Coronavirus: Ghost flights for slots?

The extraordinary situation caused by the corona virus is coming to a head. After several destinations in China and Hong Kong have not been served for a long time, or only to a limited extent, restrictions are now being imposed on air traffic in Europe and the USA.

It is not only the financial problems that are weighing on the airlines, but also the question of how air traffic should continue after this crisis. The many cancellations mean that airlines are threatened with no longer being able to comply with the 80/20 rule. This EU rule stipulates that every airline must operate at least 80% of its flights in order to keep the slots allocated to it. Slots are the rights to take off and land at airports. The consequence of violating the 80/20 rule is the loss of these slots to competitors.

It is very important for the airlines to retain the take-off and landing rights so that they do not lose passengers. It is so important that they operate ghost flights within Europe, i.e. flights with few or no passengers, in order to comply with the rule mentioned above. This is hardly economically viable over a long period of time. It is also problematic in terms of the climate – ghost flights burn vast quantities of kerosene completely unnecessarily.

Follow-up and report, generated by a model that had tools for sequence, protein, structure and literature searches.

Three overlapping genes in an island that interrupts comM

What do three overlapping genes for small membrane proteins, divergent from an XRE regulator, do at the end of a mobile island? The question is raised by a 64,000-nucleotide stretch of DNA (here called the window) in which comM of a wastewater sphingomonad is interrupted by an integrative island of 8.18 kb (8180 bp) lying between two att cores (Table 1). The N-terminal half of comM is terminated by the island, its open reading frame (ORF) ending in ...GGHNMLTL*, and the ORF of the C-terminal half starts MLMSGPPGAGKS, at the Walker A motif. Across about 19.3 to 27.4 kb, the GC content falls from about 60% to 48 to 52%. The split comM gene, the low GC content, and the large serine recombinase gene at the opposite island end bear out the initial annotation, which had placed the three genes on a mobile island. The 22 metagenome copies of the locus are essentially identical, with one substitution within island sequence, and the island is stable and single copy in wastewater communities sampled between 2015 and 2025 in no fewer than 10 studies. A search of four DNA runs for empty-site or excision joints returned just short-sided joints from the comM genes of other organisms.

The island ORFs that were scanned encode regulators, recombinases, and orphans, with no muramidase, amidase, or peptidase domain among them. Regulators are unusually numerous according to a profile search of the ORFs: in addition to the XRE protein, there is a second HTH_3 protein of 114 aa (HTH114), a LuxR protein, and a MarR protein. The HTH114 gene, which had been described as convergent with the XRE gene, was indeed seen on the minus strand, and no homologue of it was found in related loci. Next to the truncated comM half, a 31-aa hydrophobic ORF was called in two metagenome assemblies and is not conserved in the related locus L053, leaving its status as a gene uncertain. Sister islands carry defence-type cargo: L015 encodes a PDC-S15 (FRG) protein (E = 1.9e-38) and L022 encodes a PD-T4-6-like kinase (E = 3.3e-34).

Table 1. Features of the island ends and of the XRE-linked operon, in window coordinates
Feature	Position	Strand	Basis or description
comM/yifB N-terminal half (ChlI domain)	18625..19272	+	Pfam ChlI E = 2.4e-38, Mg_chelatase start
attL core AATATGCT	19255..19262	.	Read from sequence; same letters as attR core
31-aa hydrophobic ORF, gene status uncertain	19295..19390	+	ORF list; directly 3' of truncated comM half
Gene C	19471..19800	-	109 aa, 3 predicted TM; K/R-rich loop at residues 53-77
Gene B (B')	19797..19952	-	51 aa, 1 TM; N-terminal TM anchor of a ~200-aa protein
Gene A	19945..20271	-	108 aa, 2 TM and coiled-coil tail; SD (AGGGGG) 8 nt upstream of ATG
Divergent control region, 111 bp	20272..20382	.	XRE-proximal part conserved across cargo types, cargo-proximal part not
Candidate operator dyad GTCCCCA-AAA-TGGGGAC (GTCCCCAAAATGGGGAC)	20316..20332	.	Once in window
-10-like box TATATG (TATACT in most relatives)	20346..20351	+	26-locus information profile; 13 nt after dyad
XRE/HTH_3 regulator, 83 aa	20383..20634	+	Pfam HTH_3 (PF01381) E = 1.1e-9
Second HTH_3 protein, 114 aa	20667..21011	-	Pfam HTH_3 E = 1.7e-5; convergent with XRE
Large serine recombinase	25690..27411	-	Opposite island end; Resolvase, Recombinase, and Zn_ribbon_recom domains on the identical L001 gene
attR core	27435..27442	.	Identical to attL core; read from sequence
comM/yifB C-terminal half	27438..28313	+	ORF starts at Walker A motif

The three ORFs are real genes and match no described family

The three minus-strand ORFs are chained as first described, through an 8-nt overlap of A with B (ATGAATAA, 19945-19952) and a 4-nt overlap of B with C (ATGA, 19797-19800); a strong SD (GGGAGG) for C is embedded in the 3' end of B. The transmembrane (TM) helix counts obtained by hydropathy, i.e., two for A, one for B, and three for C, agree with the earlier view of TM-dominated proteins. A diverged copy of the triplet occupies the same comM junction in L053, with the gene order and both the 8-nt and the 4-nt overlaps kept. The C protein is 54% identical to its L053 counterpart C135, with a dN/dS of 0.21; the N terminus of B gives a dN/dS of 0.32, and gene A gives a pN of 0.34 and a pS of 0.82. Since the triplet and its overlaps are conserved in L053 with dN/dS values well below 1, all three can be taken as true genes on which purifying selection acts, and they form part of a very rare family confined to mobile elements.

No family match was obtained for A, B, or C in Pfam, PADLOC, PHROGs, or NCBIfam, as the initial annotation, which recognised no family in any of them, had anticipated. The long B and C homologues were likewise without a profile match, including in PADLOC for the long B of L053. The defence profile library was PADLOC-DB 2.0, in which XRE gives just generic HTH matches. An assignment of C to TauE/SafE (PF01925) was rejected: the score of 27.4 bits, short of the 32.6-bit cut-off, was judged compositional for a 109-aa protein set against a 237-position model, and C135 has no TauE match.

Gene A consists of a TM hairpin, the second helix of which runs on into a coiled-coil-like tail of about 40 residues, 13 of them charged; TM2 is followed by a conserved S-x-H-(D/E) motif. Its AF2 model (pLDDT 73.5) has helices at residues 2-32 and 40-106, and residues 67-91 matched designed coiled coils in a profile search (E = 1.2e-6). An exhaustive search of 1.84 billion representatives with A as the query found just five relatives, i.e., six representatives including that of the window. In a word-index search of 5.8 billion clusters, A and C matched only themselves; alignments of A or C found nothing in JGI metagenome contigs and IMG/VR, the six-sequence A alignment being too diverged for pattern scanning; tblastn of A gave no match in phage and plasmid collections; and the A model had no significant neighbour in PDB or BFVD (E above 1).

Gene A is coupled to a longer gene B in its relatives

But there is a small ray of hope: In Switzerland, Slot Coordination Switzerland is responsible for the allocation of take-off and landing rights. Together with the European association of slot coordinators, it is of the opinion that the rule should no longer apply in the current exceptional situation. It has therefore been requested that the 80/20 rule be suspended for the time being until the end of June. A suspension of the 80/20 rule would benefit the airline considerably and would relieve it of some financial burden. The big disadvantage is carried by the airports. They would have to accept even greater losses due to the reduction in passenger numbers.

How the situation for air traffic will develop is still uncertain and will be characterised by short-term changes.

Image Source:Travel photo created by senivpetro – www.freepik.com

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